Lesson learned: Don’t feel embarrassed about asserting yourself and putting your safety first in a compromising situation. Trust yourself. If something doesn’t feel right… it probably isn’t.
4. Bus going off with our backpacks in Mexico.
This is a story that we laugh about now but when it happened it was quite stressful. We were backpacking in Mexico. Having flown into Cancun and travelled by public bus along the coast, spending some time in Playa del Carmen, heading over to the island of Cozumel on a ferry for a few days, then heading back to the mainland and continuing by bus onto Tulum set on seeing the famous Mayan ruins there.
When we identified our stop just outside Tulum – and our hotel just across the street – we alerted the bus driver to stop the bus and let us off.
The problem was that as soon as we had stepped down off the bus, he continued on, without allowing us to collect our backpacks from the luggage compartment under the bus.
We watched him drive away in stunned silence for a moment then we saw another bus coming along the road. We ended up chasing the bus with our backpacks on it all across town on the second bus until we were able to retrieve our stuff!
Lesson learned: if the unexpected happens – don’t panic – look for a solution!
5. Tarantula in the bed in the Caribbean.
We’d been on a small island in the Caribbean for a week and rented a small house in a tropical garden. There were beautiful flowers and plants everywhere and trees laden with banana and cashews and coconuts – but unknown to us – this is a perfect habitat for the tarantula spider.
So, of course, not long after staying in the house we came home to find an enormous and hairy tarantula spider crawling on our bed. I will admit to you that my heart was pounding because back then I didn’t know if these types of spiders are poisonous or not. In fact, I’ve since learned they are not poisonous, but they are known to ‘fire their hairs’ at you as a defence mechanism, when they are afraid.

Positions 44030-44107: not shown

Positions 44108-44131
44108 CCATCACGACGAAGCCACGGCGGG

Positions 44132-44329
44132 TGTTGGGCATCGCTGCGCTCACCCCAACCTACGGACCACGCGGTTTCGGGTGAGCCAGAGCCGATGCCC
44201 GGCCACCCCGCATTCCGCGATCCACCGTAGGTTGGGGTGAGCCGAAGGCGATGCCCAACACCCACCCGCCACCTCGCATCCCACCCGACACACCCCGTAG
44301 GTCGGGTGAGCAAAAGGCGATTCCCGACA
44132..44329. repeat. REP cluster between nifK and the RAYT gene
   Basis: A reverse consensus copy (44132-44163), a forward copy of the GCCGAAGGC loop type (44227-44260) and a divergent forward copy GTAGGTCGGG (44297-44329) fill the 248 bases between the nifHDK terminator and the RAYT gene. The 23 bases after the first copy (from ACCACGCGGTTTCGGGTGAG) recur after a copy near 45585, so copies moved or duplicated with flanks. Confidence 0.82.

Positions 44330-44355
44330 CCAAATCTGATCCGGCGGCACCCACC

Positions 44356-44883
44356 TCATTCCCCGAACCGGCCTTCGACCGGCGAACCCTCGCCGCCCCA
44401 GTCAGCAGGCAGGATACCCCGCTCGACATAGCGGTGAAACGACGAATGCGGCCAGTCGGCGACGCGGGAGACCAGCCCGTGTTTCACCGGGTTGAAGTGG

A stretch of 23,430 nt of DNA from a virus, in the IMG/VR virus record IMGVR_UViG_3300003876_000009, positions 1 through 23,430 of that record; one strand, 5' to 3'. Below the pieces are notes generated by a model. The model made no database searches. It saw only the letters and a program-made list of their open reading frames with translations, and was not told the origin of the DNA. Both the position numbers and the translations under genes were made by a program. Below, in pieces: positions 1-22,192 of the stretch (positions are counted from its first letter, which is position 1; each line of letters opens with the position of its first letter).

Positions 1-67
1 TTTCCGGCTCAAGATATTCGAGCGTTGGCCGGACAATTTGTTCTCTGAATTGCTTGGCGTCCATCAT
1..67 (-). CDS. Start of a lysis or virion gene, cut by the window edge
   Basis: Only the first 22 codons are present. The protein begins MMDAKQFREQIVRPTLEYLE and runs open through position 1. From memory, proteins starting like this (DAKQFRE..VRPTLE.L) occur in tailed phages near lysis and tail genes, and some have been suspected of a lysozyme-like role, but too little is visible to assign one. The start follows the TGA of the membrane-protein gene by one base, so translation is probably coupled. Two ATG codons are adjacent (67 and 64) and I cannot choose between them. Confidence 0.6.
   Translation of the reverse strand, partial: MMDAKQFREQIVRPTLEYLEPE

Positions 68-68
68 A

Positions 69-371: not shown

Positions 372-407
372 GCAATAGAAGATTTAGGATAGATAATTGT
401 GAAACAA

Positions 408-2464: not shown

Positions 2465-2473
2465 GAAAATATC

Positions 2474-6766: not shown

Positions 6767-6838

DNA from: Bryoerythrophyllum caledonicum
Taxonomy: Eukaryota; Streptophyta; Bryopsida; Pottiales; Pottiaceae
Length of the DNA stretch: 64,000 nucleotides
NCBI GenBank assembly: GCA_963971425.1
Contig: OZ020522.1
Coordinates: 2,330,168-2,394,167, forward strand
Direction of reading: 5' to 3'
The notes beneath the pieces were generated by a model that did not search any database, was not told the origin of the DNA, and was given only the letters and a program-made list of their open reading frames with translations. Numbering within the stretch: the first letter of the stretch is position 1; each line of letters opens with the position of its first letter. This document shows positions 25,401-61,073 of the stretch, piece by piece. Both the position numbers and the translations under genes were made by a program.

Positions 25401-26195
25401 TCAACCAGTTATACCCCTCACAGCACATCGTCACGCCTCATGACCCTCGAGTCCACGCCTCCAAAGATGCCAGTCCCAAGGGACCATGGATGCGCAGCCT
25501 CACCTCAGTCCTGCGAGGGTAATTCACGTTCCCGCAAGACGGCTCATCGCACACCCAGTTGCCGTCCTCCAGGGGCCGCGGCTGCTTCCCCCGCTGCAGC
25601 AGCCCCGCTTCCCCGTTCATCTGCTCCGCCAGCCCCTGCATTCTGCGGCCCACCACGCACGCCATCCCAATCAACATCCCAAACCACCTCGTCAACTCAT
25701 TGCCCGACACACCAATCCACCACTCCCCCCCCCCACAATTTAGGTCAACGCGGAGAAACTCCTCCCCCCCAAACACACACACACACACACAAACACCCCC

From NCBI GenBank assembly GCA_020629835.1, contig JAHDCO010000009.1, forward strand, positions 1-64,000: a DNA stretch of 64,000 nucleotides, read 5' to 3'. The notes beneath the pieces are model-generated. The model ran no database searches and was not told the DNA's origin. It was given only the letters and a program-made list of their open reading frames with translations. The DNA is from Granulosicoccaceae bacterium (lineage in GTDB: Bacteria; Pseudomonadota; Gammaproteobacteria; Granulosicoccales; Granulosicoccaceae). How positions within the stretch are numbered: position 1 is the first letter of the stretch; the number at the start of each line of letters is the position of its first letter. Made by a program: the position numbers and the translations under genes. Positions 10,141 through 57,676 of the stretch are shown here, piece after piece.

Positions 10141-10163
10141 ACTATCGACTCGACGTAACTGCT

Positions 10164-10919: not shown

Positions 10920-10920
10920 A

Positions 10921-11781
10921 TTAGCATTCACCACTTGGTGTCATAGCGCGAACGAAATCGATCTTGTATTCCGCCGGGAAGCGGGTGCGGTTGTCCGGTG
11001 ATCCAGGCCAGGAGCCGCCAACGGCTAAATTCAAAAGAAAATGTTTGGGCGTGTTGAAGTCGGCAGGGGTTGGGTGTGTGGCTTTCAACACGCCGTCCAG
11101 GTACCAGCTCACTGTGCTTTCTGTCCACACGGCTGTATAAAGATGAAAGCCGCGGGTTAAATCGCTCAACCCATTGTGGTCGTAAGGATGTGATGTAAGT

Feeling very afraid myself, I dashed next door to alert our landlady, who send her rather amused husband to extract the spider on our behalf while telling us that he ‘used to keep a tarantula spider as a pet when he was a child’.
In our bedroom, he approached the huge hairy beast with a broom onto which it dutifully crawled, before he put it back out into the garden.
Lesson learned: If you are faced with local wildlife try and find a local person willing to come and help you deal with it!
6. Scorpion in the shower in Honduras.
While in Honduras, Central America, I was horrified to be told by a new friend I’d met there how she had recently been hanging her washing outside when she’d been stung on the hand by a small black scorpion. She described the pain as horrific and ‘like being struck by a hammer’. Her hand was horribly swollen and she said she was still in a great deal of pain.
She also told me that luckily a local scorpion’s sting wasn’t fatal. Good to know.
But that still didn’t stop me from feeling absolutely terrified when, just a few days later, I was taking a shower and happened to look down to see a black scorpion showering with me and crawling over the top of my foot!
I didn’t scream. I froze. I stood completely motionless waiting for the hammer of pain to hit me or the scorpion to climb off my foot. Luckily it moved away – and disappeared into a small crevice in the corner of the shower base.
Lesson learned: I knew I wasn’t in danger of death from a scorpion sting but I was in danger of experiencing extreme pain. I now feel it’s perhaps a good idea to be forewarned and acquire some knowledge of any dangerous local wildlife while travelling to tropical places so that you can assess the level of danger you might be facing.
We actually lived in that house for several months not really knowing where that scorpion actually went or if he would come back.
I learned to check for him every time I took a shower.
7. A venomous snake in the house!
While we were housesitting in a fabulous chateau in South West France we had an encounter with a very large venomous snake.
Inside the chateau, the rooms were huge and the stone walls so thick that in the summer when temperatures outside were at their hottest – we had 42 deg C – inside the house always remained refreshingly cool. This was probably why a large and very long snake decided to come inside and go to sleep behind a piece of furniture.
Having spotted the snake, we took a photo of it in order to identify it by its markings.